2010 Institute on Teaching the World's Religions
Santa Fe, New Mexico
June 21 - June 26, 2010
Due to limited space, please contact CSEE to inquire about registration: (800) 298-4599.
Teachers of religions and history leave our institutes with increased knowledge, new ideas for what to do in the classroom, and great lists of both resources and contacts. This year's focus will be on Hinduism and Native American traditions.
This conference will begin at 5:30pm on June 21st, and end at noon on June 26th.
Monday, June 21
6:45 Welcome and Introductions
7:15 -- 9:15 What We Teach, How We Teach: Key Issues for the Religion Classroom (David Streight)
Tuesday, June 22
9:00 – 10:20 Hinduism 101 (and a few advanced issues) (Bridgette O’Brien)
10:50 – 12:00 Islamic Poetry for the Classroom (David Streight)
noon -- 1:00 Lunch
1:00 – 4:00 Native American Cultures and Traditions (Ines Talamantez, Ph.D.)
Wednesday, June 23
9:00 – 12:00 Adolescent Girls and Rites of Passage in Native American Traditions (Ines Talamantez)
12:00 – 1:00 Lunch
1:00 – 2:00 Films and Resources for the World Religions Classroom (Streight)
2:00 – 4:30 Break
4:30 – 8:30 (w/ one-hour break for dinner) Hinduism and the Bhagavad Gita (David L. Haberman, Ph.D.)
Thursday, June 24
9:00 -- 12:00 Bhagavad Gita and the Upanishads (David L. Haberman)
12:00 – evening Participants have the afternoon and evening off to explore Santa Fe. Dinner is on your own.
Friday, June 25
9:00 – 3:00 Bhagavad Gita and the Upanishads (David L. Haberman)
Saturday, June 26
8:45 – 10: 15 (topic TBA) (Bridgette O’Brien)
10: 15 – 11:15 Resource Sharing and closing of institute
11:15 – 11:45 Evaluations
Featured Presenters in June 2010
David Haberman, Ph.D.
Hinduism, the Vedas, the Upanishads, and the Bhagavad-Gita
In this two-day session, Dr. David Haberman will explore with participants the famous Hindu text the Bhagavad-Gita, as a way of teaching important aspects of Hinduism at the high school level. A careful reading of the Bhagavad-Gita is a good way to challenge and expand the somewhat limited representations of Hinduism still prevalent in many textbooks. Examination of the text will provide an opportunity for intertextual reading, connecting the Bhagavad-Gita to texts that precede it by some 1500 years (e.g., Vedas and Upanishads) and others that follow it into the present day (e.g., Gandhi). The Bhagavad Gita is a great way to broaden our understanding of the Vedantic teachings of Hinduism, which inform much in the later theistic traditions. During the workshop participants will explore such themes in the Bhagavad-Gita as: opening the existential dilemma, karma-yoga and its relationship to dharma, the threefold dimensions of reality, the value of this world, foundations of temple Hinduism with its focus on the worshipful interaction with embodied froms of divinity, and the question "Who/What is Krishna?" Participants might also see how the teachings of the Bhagavad-Gita relate to contemporary issues, such as socail justice and environmental well-being.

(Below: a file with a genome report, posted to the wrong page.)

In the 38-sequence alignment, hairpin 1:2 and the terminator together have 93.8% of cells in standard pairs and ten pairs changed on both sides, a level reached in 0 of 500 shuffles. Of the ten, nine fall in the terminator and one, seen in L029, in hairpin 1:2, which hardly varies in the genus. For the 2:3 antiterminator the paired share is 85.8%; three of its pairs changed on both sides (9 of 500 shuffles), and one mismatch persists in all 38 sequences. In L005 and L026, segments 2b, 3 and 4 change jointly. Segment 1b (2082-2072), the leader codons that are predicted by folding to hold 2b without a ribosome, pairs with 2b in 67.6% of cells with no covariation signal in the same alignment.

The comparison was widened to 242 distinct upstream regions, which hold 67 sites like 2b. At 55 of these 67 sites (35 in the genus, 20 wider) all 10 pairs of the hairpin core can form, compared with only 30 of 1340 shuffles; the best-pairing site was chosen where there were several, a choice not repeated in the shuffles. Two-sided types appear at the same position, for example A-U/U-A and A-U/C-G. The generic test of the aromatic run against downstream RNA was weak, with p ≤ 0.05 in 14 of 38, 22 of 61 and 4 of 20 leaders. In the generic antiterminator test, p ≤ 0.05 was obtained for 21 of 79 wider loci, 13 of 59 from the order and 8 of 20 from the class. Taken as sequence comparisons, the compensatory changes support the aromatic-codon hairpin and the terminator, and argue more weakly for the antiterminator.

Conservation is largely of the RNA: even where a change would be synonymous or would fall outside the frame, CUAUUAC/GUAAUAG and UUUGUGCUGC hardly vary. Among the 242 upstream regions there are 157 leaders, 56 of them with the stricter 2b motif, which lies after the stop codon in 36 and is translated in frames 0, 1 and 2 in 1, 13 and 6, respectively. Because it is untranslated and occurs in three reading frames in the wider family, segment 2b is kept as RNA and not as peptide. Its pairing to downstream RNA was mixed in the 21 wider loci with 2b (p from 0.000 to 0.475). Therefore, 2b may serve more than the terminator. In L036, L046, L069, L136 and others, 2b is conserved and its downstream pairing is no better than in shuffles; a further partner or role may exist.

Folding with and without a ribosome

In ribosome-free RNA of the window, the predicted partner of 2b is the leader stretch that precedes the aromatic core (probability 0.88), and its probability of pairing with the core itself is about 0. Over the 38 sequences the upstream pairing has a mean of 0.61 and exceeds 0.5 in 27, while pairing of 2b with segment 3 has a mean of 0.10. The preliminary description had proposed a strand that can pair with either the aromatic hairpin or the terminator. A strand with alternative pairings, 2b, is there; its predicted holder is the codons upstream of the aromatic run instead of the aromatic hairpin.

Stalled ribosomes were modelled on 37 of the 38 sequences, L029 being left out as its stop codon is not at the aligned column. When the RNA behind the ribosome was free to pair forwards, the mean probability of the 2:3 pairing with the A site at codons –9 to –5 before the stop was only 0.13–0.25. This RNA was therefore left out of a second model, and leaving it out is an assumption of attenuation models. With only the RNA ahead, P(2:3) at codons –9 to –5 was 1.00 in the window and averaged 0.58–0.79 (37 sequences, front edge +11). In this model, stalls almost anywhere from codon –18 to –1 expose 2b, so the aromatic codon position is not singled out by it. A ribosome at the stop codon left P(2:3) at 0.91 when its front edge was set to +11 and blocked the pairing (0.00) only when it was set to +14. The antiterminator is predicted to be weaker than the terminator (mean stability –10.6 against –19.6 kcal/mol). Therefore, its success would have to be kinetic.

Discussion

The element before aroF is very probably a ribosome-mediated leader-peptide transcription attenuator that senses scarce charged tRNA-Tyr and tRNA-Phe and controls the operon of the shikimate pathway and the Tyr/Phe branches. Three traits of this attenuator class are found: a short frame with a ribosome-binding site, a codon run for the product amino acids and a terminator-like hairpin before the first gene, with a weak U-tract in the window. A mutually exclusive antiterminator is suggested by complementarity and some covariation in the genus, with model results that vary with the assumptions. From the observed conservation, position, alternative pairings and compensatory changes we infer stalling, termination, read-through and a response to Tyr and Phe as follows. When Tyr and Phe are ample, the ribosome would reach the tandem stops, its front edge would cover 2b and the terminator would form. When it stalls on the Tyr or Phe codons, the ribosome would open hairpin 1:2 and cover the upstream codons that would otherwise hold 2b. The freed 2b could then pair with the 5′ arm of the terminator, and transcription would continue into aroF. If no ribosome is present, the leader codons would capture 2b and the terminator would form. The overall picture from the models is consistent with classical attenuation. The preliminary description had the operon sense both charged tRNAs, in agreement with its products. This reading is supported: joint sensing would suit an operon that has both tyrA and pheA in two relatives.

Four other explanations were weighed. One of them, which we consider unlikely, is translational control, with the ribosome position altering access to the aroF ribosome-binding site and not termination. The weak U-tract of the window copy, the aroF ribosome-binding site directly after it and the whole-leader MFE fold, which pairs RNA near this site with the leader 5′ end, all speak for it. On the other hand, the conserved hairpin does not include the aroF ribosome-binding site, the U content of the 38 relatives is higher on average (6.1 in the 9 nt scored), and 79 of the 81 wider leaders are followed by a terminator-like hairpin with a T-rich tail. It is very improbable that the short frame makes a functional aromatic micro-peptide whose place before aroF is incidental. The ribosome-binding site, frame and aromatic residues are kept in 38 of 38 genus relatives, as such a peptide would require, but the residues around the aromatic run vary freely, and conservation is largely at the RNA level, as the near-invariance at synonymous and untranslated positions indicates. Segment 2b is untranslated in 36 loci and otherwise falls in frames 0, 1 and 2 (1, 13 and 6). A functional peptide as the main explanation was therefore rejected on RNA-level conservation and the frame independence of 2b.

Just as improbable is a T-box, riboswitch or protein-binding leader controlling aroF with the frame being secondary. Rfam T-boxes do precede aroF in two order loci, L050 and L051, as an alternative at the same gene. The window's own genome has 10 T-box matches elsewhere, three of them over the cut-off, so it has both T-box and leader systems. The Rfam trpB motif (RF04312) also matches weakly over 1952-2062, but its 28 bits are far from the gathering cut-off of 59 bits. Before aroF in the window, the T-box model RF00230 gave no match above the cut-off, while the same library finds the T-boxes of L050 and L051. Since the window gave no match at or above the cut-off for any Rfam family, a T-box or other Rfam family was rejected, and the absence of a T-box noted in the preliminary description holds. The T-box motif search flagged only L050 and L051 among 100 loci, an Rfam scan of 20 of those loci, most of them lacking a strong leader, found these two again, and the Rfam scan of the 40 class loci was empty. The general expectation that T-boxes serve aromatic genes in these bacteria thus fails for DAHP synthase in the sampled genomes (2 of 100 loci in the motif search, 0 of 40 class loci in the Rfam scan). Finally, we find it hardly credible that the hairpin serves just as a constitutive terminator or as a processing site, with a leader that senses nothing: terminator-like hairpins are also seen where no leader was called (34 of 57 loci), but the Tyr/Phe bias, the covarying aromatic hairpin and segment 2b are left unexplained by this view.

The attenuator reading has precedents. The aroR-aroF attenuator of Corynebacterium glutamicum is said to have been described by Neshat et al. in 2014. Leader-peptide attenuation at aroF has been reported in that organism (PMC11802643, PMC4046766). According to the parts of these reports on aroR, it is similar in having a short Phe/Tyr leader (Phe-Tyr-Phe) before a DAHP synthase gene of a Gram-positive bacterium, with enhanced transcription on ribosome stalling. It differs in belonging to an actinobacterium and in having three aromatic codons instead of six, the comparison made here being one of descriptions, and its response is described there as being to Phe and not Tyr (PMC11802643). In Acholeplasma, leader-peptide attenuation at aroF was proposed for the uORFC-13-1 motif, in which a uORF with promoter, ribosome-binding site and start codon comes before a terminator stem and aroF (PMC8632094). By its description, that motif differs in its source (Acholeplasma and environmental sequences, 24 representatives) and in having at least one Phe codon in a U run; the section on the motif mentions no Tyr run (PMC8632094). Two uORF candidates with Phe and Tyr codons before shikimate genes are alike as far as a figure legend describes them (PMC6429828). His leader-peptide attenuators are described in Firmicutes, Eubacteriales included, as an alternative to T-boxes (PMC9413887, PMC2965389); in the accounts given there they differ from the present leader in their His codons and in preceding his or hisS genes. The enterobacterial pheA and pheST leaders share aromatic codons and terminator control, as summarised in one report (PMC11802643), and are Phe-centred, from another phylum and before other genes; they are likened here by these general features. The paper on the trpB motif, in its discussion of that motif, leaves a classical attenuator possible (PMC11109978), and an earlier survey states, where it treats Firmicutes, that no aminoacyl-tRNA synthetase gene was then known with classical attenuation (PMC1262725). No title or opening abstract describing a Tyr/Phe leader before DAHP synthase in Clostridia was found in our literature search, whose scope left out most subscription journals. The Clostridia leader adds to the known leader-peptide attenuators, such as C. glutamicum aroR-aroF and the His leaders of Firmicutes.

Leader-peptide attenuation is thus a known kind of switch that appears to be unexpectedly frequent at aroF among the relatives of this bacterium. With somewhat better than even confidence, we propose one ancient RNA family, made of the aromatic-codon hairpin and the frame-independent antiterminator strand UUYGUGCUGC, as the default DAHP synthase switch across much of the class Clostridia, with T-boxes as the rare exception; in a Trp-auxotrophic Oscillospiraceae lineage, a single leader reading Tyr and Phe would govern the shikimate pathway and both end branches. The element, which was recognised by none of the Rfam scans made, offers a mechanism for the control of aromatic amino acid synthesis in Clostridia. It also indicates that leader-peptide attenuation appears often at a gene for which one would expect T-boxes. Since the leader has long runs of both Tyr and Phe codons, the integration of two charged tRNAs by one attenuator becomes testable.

Hinduism 101 and Beyond
This session will offer the "must know" basics to those who are relative beginners in Hinduism, in preparation for David Haberman's later work with us, but will also address aspects of Hinduism often unknown to more experienced teachers, and activities for the classroom that all can use.
Teaching Islamic Poetry
This presentation will offer suggestions of texts can be used in the Islam section of the world religions course. The pieces offered are selected because they are "favorite" classical texts by well known authors like Rumi and Hafiz, and short enough that they can be used in a unit that does not have unlimited time.
Approaches to Teaching Religion
Three issues will be addressed in this block of time, both emerging from recommendations by CSEE's experienced teachers consortium and CSEE's 2009 Institute. The first entails the mindset of the teacher that guides his or her way of presenting religious traditions: are other traditions looked at as inferior to one's own tradition? are religions presented as if they were static entities with set beliefs and practices unchanged by time? are all religions equal in all ways? How are religions affected by historical and political events? Etc. The second entails teaching religions through themes, such as pilgrimage, love, or art. And the third addresses ten issues that all teachers should consider as they prepare their syllabi. Participants are expected to finish the presentation with new thoughts about exciting new possibilities.
CSEE has returned to the Ghost Ranch in Santa Fe several times, as the food is terrific and the location magical. Ghost Ranch is located 3 blocks from the historic Santa Fe Plaza, with many galleries, historic sights, and museums within walking distance. Meals and accommodation are included in the price of registration. Participants will have one afternoon and evening off to explore Santa Fe, and will be on their own for dinner that evening. Participants have the option of sharing a double-occupancy room with two twin beds (will be matched by gender), or reserving a private room for $200 more for the week.
Travel to Ghost Ranch
CSEE recommends flying into Albuquerque Airport and taking a shuttle or train to Ghost Ranch.
Shuttle Service: The Sandia Shuttle Xpress provides door-to-door service (888.775.5696)
Train Service: The Rail Runner Express runs frequently between Albuquerque and Santa Fe (aprox. $8), and The Santa Fe Pick-Up Shuttle will take you from the train stop in Santa Fe to Ghost Ranch (free service).
Thanks to you for an amazing conference! As I mentioned, one of the very best I have attended. I cannot really fully express how much I appreciate all you do to provide such a wonderful learning and fellowship experience.
-Anne Morris, Duchesne Academy, 2009 participant